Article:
astronomers-crypt-453x680

The Astronomer’s Crypt is now available as an ebook at the following retailers:

In honor of the season, I’m giving away a copy of The Astronomer’s Crypt for Kindle. Click the following link to see if you’re an instant winner: https://giveaway.amazon.com/p/c1ab0e67aed8c0d9 .

The giveaway ends on January 6, 2017.

New E-book: The Astronomer’s Crypt

This week marks the release of the ebook edition of my novel The Astronomer’s Crypt which tells the story of astronomers, ghosts, drug dealers, and a monster from the beginning of time colliding at an observatory during a ferocious thunderstorm. Here’s the cover and the back cover blurb.


astronomers-crypt-453x680If you scare easily, don’t read this book.
If you dare to read it, you’ve been warned.

Two years ago on a stormy night, in the dead of winter, Mike Teter experienced something that would change his life forever. Mike was a telescope operator at the world renowned Carson Peak Observatory in New Mexico. We won’t tell you what he saw that night on the mountain nor what happened afterward on a dark stretch of highway, because it would haunt you just as it has haunted Mike. But what we will tell you is that Mike is back at Carson Peak. And what he witnessed that night two years ago is about to become a reality…


This horror novel, of course, was inspired by many nights working as an observing associate at Kitt Peak National Observatory. In fact, cover artist Laura Givens clearly used the Mayall 4-meter as her model for the telescope enclosure on the cover. This is fitting, since the building was the inspiration for the enclosure in the building. The Mayall 4-meter is a labyrinthine building filled with twisting corridors, dark stairways, and darkrooms abandoned when astronomical cameras went digital. People have taken wrong turns and gotten lost in the building. Bats sometimes congregate at the top of the dome. More than once, visiting astronomers have commented the 4-meter would make a great setting for a haunted house.

Clearly the telescope on the cover isn’t in the Arizona desert. The novel is set on a fictional peak in the Sacramento Mountains of New Mexico. When I first went to work for Kitt Peak, one of its draws was the relative ease of access compared to almost every other observatory I’ve worked at. I wanted to drop the creepy building into a remote and isolated place where help wasn’t just a phone call away.

The idea for this novel came to me during the World Science Fiction Convention in San Antonio which was held in 2013. My editor asked if I had any ideas for a creepy or suspenseful novel. I pitched the idea of a haunted house story set at a telescope and we tossed ideas back and forth over the course of the weekend. I left WorldCon that year with a nearly complete outline for a novel. Now, three years later, you can read the results. When you visit the retail sites, you’ll see this is Book 1 of the “Wilderness of the Dead” series. Yes, I have plans for at least two more books set in the Carson Peak Wilderness area of New Mexico. Lots of creepy stuff happens in the old towns and surrounding mountains.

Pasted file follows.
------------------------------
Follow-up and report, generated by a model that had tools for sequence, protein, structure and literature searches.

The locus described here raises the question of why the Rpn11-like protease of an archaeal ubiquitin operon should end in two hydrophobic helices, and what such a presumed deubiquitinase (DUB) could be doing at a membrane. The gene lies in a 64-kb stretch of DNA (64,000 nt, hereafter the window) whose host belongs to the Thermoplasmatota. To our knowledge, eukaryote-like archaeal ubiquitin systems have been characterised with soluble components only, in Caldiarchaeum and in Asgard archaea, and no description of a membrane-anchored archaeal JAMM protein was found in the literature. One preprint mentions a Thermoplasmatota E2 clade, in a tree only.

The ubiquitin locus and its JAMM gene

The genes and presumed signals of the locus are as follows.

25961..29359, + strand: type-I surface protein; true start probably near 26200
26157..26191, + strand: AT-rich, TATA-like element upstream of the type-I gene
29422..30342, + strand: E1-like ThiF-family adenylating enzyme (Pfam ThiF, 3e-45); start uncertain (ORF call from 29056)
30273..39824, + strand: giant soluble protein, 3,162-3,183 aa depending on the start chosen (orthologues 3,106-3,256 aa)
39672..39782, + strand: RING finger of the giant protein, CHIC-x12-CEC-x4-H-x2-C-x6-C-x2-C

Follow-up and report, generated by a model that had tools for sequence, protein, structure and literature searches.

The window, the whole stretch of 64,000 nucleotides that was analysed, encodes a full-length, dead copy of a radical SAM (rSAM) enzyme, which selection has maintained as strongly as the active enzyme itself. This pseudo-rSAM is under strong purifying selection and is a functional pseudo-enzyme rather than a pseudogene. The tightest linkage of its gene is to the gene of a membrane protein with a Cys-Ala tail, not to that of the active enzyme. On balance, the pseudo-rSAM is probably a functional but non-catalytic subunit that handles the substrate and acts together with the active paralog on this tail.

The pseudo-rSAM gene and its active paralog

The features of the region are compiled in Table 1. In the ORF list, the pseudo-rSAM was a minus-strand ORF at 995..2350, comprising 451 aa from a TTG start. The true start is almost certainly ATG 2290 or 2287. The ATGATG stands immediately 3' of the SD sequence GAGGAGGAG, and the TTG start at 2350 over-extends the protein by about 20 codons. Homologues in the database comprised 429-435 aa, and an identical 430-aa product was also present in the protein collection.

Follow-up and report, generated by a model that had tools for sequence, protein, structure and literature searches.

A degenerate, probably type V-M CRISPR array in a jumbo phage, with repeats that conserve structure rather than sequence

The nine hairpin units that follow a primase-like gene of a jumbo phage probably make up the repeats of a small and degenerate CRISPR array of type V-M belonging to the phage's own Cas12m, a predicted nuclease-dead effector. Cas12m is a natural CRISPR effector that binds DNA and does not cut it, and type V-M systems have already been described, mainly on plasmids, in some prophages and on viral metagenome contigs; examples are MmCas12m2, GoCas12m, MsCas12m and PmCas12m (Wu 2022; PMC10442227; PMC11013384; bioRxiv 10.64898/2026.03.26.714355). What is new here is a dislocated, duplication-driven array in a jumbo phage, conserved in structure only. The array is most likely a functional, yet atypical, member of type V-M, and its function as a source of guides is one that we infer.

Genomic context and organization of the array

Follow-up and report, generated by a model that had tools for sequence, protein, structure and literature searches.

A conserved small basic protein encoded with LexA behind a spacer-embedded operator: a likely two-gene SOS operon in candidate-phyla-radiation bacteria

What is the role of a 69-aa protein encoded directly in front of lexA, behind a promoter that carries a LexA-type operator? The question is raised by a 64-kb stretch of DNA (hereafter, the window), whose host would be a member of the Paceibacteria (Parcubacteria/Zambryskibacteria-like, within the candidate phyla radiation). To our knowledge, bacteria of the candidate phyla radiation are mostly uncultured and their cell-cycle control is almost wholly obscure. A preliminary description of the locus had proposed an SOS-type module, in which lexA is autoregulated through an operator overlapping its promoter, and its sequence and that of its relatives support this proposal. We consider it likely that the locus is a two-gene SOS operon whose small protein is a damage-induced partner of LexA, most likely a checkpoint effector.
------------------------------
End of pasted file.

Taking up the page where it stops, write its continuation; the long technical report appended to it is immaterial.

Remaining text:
You can pick up the e-book of The Astronomer’s Crypt at:

Remembering the Dead and Celebrating Life

My last shift at the observatory finished the night before the Tucson Steampunk Society was scheduled to meet at Antigone Books and discuss Eric Brown’s novel Jani and the Greater Game. I thought that sounded like a great excuse to spend some time with friends and maybe grab a bite to eat before driving home. I had purchased the book the week before and read it during my shift at the observatory. The novel tells the story of a young woman named Jani who is on her way home to India from England, when her airship is shot down by Russians. Jani soon learns that England gained its power in the world by exploiting a creature from another world. The stakes increase when Jani must work with that alien to help thwart an invasion. The book was a delight and I had the opportunity to share some updates about my forthcoming novel The Brazen Shark with the book society.

Once I finished dinner and walked around to my car, I discovered I’d inadvertently parked in the staging area for the Tucson All Souls’ Day Procession. Skeleton Crew It actually gave me the excuse to stay around and watch as the parade got ready to start. All Souls’ Day is a celebration remembering those who have departed, as well as a celebration of life itself. I stopped off at one of the vendors and had a sugar cookie shaped like a skull and crossbones and admired the costumes, floats and puppets assembled for the procession. It seemed a fitting transition into this week. Now that The Brazen Shark is turned in, I’m hard at work on The Astronomer’s Crypt.

What’s more, on the last night of my shift, we had some new observers at the telescope. One of them went down to the restroom and got lost on the way back to the control room. Fortunately, he called and we were able to direct him back. It turns out this almost exactly mirrored the incident that kicks off the action in the second part of The Astronomer’s Crypt. Fortunately, the power didn’t then go out and we didn’t have strange monsters and ghosts roaming the hall…at least that I know of!

Anyway, I mentioned the novel to the observers and they readily chimed in with what a spooky place the telescope is at night. One of them imagined a scenario of riding up in the elevator only to see an open door and someone standing outside the cage doors holding a severed head. That incident doesn’t happen in the novel, but it does go to show the kinds of things that go through your mind when working in a spooky, dark building!

Speaking of weird and wonderful things, I was a guest at Nicole Givens Kurtz’s blog this past week. Be sure to read my post entitled “Discovering the West, Weird and Real.” I discuss how living in the southwest and my love of anime has informed my steampunk writing. Also, be sure to drop by The Steampunk Journal, where you can read chapter one of Owl Dance in its entirety.